By 12 months 76% of participants reported ongoing headache. The mean headache severity had improved (3.6 (SD ±2.9), with a concurrent reduction in the headache frequency (monthly headache days 15.1 (SD ±11.5)) and monthly analgesic use (8.6 (SD ±9.8)). No parameter reached statistical significance.
Medications at baseline
At baseline 38% participants were receiving medication specifically to lower ICP. This included 29% receiving Acetazolamide, and 9% Topiramate. 5% of participants were receiving diuretics (Bendroflumethiazide, n = 1; Furosemide, n = 1; and Co-amilofruse, n = 1). 27% of participants were receiving medication for prevention of headache (migraine and/or tension-type headache) (beta blocker, n = 1; tricyclic antidepressant, n = 7; anticonvulsant, n = 8; other, n = 2) (Table 2).
Relationship of ICP to headache
The whole cohort mean lumbar puncture opening pressure (LP OP) at baseline was 34.7cmCSF (SD 5.7) which reduced to 28.95 (SD 7.7) and 26.8 (SD 8.0) by 12 and 24 months respectively. Headache severity at baseline correlated with ICP (Fig. 1a, r = 0.285, p = 0.024) although the monthly headache days did not. The reduction in ICP over 12 months correlated with the reduction in headache severity and monthly headache days (MHD) (Fig. 1b and c, r = 0.454, p = 0.001 and r = 0.419, p = 0.002 respectively). This relationship continued at 24 months but did not reach statistical significance.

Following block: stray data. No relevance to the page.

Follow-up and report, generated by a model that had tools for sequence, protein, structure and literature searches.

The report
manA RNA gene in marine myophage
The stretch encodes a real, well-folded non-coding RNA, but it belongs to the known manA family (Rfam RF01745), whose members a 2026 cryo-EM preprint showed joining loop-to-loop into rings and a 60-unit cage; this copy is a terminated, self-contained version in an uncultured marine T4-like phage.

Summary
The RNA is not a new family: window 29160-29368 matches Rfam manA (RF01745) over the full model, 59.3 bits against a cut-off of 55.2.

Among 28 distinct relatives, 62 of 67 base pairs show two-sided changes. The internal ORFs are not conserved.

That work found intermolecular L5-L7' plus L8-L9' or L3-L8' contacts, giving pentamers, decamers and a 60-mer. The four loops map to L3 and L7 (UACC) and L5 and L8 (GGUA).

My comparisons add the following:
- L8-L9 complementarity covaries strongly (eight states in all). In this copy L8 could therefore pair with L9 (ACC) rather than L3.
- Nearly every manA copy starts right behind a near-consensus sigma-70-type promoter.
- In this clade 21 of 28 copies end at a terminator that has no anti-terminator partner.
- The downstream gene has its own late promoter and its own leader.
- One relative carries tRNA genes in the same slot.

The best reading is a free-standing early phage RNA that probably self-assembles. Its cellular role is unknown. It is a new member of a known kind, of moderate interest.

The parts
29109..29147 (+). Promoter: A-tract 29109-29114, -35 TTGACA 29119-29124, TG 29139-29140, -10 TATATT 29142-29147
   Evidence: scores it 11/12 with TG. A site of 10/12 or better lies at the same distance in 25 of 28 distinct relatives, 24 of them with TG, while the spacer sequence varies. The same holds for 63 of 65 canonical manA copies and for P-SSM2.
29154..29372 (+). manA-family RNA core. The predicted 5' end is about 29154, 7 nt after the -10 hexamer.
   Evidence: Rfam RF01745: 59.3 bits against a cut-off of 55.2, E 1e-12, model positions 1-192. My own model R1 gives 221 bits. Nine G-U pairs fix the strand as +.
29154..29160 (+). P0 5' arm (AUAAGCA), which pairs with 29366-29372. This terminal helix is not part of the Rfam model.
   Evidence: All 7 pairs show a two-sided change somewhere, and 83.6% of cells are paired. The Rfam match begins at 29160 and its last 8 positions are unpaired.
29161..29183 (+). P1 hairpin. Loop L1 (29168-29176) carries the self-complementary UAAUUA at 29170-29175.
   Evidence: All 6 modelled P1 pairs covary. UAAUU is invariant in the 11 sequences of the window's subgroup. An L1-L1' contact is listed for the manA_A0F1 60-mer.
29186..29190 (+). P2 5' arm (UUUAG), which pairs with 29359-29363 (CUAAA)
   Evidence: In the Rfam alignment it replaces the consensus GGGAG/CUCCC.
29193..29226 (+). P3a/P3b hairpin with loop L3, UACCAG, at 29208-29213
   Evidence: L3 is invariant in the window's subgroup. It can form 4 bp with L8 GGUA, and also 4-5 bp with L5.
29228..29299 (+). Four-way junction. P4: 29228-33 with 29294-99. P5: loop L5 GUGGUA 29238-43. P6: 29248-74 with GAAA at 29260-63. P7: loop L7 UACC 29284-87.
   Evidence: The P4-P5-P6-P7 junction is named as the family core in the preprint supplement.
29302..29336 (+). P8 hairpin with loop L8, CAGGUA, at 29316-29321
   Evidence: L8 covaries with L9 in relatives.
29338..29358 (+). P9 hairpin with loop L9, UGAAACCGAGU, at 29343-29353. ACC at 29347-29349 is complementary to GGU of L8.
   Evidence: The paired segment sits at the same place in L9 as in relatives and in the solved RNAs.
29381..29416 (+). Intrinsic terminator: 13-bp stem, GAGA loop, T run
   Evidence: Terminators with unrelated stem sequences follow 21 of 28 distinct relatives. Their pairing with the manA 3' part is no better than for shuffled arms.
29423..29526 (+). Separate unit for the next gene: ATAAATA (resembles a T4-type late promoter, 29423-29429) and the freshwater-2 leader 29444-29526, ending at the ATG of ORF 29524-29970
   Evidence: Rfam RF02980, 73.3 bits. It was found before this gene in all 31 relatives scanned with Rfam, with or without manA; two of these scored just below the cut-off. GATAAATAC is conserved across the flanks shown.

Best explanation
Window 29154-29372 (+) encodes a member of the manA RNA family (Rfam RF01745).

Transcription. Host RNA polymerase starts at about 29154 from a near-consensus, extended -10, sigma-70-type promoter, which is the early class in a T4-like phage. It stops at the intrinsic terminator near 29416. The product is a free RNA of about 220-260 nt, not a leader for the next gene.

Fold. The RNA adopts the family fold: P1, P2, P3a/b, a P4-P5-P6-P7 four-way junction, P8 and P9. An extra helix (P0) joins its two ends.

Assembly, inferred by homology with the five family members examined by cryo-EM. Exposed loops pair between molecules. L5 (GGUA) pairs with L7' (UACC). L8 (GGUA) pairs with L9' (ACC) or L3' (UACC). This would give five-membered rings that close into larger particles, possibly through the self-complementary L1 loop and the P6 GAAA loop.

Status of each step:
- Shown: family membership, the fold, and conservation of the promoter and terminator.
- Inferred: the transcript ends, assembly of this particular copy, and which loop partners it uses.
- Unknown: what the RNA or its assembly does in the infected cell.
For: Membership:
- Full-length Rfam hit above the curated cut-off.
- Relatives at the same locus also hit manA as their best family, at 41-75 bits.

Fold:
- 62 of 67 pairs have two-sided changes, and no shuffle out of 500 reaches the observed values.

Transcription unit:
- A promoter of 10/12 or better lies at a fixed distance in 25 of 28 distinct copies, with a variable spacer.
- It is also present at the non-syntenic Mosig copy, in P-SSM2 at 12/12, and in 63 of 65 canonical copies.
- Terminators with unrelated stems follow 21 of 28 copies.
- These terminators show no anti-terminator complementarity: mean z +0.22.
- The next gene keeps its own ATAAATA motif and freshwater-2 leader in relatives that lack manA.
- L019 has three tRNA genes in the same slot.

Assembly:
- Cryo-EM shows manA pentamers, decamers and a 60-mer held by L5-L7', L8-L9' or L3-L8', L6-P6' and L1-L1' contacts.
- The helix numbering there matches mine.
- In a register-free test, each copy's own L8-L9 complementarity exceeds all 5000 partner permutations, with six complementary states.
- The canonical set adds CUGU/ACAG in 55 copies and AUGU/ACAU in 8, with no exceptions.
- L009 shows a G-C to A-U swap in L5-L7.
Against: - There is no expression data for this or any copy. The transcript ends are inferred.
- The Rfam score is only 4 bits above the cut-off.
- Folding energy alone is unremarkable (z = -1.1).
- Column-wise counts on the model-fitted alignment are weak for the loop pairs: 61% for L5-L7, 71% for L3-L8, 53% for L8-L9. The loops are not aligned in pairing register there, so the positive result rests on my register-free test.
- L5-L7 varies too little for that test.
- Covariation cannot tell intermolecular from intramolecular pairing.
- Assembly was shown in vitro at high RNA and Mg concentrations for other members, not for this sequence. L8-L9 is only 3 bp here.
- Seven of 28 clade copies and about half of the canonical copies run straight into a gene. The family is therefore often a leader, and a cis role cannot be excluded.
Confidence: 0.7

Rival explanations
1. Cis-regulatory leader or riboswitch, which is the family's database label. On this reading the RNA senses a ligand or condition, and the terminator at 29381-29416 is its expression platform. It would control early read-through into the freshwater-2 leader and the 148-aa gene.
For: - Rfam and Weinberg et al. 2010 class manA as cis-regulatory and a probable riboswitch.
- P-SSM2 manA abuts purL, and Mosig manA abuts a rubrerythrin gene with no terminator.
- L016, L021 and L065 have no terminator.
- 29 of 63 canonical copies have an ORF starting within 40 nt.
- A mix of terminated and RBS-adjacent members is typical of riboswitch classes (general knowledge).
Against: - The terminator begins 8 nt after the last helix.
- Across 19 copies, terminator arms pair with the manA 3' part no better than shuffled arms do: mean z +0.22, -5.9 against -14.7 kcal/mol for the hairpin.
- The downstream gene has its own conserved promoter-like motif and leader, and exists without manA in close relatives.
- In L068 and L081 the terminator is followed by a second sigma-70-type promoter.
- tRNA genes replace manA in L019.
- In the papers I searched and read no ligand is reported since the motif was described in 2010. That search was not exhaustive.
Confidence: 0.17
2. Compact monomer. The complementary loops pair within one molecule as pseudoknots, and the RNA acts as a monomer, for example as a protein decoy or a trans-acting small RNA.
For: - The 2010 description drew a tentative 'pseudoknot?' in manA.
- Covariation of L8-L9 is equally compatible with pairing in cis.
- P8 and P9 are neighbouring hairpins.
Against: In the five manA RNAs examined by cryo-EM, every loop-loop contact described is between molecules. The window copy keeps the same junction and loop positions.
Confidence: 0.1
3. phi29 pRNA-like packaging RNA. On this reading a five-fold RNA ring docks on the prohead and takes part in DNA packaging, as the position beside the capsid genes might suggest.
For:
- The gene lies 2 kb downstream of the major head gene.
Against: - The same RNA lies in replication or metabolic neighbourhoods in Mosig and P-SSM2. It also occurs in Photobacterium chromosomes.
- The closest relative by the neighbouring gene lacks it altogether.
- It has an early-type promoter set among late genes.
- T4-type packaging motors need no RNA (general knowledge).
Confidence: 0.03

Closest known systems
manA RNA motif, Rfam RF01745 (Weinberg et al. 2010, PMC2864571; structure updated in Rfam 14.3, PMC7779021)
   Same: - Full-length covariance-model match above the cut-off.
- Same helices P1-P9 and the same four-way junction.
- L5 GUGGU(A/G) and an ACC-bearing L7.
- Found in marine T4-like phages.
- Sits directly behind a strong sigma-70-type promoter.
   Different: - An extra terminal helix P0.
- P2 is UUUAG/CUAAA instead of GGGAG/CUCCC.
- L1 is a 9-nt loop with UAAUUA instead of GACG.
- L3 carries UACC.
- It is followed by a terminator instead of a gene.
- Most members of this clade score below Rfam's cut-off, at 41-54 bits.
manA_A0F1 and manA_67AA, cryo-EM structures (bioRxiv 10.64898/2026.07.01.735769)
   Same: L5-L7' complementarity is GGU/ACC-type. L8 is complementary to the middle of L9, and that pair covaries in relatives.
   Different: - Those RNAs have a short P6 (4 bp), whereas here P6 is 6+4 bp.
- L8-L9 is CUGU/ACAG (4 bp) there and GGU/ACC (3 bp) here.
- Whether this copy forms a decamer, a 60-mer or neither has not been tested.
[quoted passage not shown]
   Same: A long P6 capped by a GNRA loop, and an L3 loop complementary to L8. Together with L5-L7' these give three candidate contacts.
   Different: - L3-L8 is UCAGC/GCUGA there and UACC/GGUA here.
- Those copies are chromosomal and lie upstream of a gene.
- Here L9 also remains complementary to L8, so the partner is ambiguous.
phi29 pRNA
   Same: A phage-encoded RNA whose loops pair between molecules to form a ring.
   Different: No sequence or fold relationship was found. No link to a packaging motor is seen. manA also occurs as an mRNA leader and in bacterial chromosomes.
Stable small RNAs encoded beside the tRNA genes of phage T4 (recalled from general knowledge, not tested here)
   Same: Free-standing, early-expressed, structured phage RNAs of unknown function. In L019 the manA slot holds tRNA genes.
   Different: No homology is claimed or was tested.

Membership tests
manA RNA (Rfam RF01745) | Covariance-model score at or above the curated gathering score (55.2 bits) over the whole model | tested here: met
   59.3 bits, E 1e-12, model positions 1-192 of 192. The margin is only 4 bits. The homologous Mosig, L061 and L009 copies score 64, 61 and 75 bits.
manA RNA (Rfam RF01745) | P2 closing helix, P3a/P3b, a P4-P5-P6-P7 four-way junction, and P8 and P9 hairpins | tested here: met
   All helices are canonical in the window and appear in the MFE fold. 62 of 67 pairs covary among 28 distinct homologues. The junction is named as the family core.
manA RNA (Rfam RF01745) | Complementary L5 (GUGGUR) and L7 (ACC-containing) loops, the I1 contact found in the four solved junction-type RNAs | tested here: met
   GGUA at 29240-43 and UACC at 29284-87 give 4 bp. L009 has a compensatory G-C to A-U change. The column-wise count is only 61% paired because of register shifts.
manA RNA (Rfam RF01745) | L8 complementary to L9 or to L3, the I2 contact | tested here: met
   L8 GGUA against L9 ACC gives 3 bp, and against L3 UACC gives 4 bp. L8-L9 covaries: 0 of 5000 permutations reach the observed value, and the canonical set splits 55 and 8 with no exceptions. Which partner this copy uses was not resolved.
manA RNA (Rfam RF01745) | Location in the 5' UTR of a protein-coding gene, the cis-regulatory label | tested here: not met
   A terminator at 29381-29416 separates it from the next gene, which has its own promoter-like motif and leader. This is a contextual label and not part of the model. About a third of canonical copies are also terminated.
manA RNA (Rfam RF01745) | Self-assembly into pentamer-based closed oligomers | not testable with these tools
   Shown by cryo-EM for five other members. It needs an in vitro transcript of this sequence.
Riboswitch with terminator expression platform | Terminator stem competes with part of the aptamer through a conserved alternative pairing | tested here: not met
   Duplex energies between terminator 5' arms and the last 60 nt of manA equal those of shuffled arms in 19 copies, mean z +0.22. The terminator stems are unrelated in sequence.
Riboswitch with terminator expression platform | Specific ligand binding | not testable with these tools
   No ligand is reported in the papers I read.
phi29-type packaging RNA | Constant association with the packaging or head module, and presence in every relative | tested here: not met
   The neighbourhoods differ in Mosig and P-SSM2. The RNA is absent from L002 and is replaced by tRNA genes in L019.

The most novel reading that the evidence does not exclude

Relationship between cutaneous allodynia and ICP
At baseline 58/63 (92%) reported ictal cutaneous allodynia with a mean cutaneous allodynia score of 19.2 (SD ± 5.79) and reducing at 12 months to a mean of 17.1 (SD ± 7.20) (p = 0.01). There was no relationship between the allodynia score and headache severity and MHD at baseline. By 12 month MHD correlated with the allodynia score (r = 0.331, p = 0.015). The change in MHD and headache severity over 12 months correlated with the improving allodynia score (Fig. 1d and e, r = 0.395, p = 0.005 and r = 0.338, p = 0.017 respectively). The change in allodynia over 12 months also correlated with the change in ICP (Fig. 1e, r = 0.479, p < 0.001). There was no relationship between body mass index (BMI) and allodynia. Pressure allodynia did not change significantly between baseline and 12 months and was not associated with headache severity, MHD or ICP (Supplemental Table 2).
Predicting the effects of ICP on headache outcomes